Public Release: 

Impact of geography on species challenges paleontologists

Virginia Tech

Blacksburg, Va., Oct. 25, 2002 -- It can be difficult for paleontologists to determine if differences among some ancient life forms, such as clams, represent different species. After all, the scientists are working with fossils of organisms dead for millions of years, so who knows if they were able to breed or had evolved to a point where that was not possible.

A study by Virginia Tech geological sciences doctoral student Jennifer Stempien may provide some evidence of whether bivalves that lived along the eastern U.S. coast 3.5 million years ago were close distant cousins of each other. She will present her research at the Geological Society of America's 114th annual meeting in Denver Oct. 27-30.

Stempien is studying the small bivalve, Mulinia, which started out in South America and took over the entire east coast 3.5 million years ago. She began her study of the 1-centimeter bivalve that lived off the Virginia coast based on the specimens in the Virginia Natural History Museum. At first, Stempien was studying Mulinia's response to an environmental change that took place between 3.5 and 3 million years ago. During that period, an active coast line, with a lot of waves and strong currents, became muddy and quieter. "The critter didn't change with the environment," Stempien reports.

Out of curiosity, she decided to compare the Virginia Mulinia to those at other locations. That is when she began to see differences. "The samples from different states had wide variability. There was more of a geographic influence in terms of body type, than there was as a result of a half-million years of environmental change at a single location," Stempien says.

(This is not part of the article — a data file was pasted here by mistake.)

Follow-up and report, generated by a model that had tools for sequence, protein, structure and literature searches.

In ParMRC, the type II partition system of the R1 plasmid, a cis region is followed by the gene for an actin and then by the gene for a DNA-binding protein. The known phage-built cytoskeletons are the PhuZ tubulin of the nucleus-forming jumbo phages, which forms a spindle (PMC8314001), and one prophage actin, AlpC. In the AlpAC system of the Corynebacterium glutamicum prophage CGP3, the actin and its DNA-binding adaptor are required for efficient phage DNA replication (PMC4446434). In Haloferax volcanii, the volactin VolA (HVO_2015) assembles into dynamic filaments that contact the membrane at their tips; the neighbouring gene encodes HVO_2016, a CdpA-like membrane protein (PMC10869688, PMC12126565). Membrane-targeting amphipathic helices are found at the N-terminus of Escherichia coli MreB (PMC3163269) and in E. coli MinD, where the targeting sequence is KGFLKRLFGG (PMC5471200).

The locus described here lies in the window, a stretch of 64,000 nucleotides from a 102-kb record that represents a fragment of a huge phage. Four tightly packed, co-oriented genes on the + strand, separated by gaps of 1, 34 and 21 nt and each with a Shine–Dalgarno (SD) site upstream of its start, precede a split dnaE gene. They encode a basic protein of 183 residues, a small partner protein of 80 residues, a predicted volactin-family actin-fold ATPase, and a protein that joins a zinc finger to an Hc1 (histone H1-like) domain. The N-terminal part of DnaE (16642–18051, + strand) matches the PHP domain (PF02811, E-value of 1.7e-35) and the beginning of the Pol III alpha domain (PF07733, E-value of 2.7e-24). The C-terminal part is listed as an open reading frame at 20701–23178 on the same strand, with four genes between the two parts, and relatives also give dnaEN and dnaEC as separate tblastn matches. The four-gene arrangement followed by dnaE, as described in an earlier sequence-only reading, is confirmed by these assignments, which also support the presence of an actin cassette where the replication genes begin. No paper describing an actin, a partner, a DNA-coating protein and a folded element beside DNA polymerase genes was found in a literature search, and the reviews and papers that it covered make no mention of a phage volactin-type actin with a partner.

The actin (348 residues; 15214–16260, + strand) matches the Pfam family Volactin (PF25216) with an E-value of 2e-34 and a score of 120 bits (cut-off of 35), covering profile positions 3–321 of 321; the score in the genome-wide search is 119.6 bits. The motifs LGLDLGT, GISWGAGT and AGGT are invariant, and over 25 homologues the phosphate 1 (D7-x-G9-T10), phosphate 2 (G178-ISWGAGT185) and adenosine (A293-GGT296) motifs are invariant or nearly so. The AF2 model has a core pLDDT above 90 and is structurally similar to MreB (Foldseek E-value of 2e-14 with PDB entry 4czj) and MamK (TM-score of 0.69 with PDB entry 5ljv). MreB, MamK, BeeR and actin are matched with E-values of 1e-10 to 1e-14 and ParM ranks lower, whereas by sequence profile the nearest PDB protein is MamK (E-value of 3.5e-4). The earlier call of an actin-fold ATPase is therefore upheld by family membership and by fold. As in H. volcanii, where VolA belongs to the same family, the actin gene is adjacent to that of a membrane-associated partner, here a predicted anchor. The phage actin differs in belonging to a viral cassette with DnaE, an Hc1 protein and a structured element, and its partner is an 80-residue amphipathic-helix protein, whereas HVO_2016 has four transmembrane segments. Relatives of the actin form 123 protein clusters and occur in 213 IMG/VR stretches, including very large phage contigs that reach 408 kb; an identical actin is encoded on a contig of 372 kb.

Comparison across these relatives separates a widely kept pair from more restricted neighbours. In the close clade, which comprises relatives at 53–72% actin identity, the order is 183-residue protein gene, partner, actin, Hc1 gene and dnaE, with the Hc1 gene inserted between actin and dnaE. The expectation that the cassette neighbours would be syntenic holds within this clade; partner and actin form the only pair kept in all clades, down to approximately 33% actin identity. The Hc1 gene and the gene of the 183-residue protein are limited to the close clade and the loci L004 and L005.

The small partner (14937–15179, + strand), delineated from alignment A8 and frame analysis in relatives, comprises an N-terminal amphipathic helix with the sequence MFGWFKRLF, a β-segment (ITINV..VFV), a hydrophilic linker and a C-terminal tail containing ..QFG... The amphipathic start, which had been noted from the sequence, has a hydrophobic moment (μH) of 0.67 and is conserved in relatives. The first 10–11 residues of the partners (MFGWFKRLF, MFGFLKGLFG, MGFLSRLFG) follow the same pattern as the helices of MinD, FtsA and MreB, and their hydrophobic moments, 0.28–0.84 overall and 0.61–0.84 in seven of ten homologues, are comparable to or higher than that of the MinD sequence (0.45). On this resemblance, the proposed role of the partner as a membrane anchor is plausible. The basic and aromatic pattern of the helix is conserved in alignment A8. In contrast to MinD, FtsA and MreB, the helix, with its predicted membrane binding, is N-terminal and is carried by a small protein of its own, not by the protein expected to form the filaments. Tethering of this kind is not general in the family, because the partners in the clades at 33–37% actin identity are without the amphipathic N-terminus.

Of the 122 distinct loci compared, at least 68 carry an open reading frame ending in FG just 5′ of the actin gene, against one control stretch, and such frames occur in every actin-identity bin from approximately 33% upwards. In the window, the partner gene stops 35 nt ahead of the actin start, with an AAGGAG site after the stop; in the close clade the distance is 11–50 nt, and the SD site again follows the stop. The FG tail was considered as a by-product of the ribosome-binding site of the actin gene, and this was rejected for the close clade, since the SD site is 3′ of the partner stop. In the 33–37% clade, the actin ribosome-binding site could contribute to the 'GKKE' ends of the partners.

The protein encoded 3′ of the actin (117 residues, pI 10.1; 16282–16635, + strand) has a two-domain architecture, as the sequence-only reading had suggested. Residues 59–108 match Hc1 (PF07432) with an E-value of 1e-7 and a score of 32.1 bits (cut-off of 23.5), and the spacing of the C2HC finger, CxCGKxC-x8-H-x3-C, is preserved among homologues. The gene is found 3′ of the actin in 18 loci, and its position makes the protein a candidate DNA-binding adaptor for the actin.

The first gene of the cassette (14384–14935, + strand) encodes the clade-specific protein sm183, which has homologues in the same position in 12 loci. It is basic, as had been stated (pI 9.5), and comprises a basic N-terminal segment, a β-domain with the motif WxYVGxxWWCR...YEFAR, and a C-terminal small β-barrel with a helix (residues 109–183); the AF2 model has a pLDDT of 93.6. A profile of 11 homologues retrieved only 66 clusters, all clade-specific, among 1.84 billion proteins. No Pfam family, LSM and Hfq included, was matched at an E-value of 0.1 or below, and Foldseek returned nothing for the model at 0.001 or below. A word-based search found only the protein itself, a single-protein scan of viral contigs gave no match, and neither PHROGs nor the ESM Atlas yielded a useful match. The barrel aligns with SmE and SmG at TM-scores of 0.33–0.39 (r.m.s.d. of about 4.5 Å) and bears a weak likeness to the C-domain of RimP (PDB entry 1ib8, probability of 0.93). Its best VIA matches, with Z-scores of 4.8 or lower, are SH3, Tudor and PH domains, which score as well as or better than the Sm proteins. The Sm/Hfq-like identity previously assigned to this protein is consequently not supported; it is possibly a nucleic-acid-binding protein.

There were differences in shell thickness, size, placement of muscle scars, hinge attributes, and so on. "The populations were obviously not mixing."

Did these different physical characteristics mean there were different species? Or would these various forms of Mulinia still be able to breed, if they had met?

Stempien is now looking at living species, the descendents of Mulinia -- specifically, Mulinia coloradoensis, a larger clam recently from the Gulf of California, and modern Mulinia lateralis from Florida, which is more like its ancestor in terms of size. "The variability between these organisms and their ancestor is about the same as is seen in ancient Mulinia from two different localities. It might mean that M. congesta and M. lateralis are one species, but I'm still processing data."

Stempien will deliver the paper, "Spatial and environmental dimensions of shelly morphospaces: Geometric morphometrics of the matrid bivalve Mulinia," at 4:15 p.m. (Tuesday, Oct. 29) in A108/110 of the Colorado Convention Center. Co-authors are Virginia Tech geological sciences professor Michal Kowalewski and G.M. Daley of the University of Wisconsin.

Stempien, who is from Cicero, near Syracuse, N.Y., received her undergraduate degree from the State University of New York, Binghamton.


Contact information: Jennifer Stempien, or 540-231-1840

Jennifer Stempien's major professor is Michal Kowalewski

PR Contact Susan Trulove, 540-231-5646,

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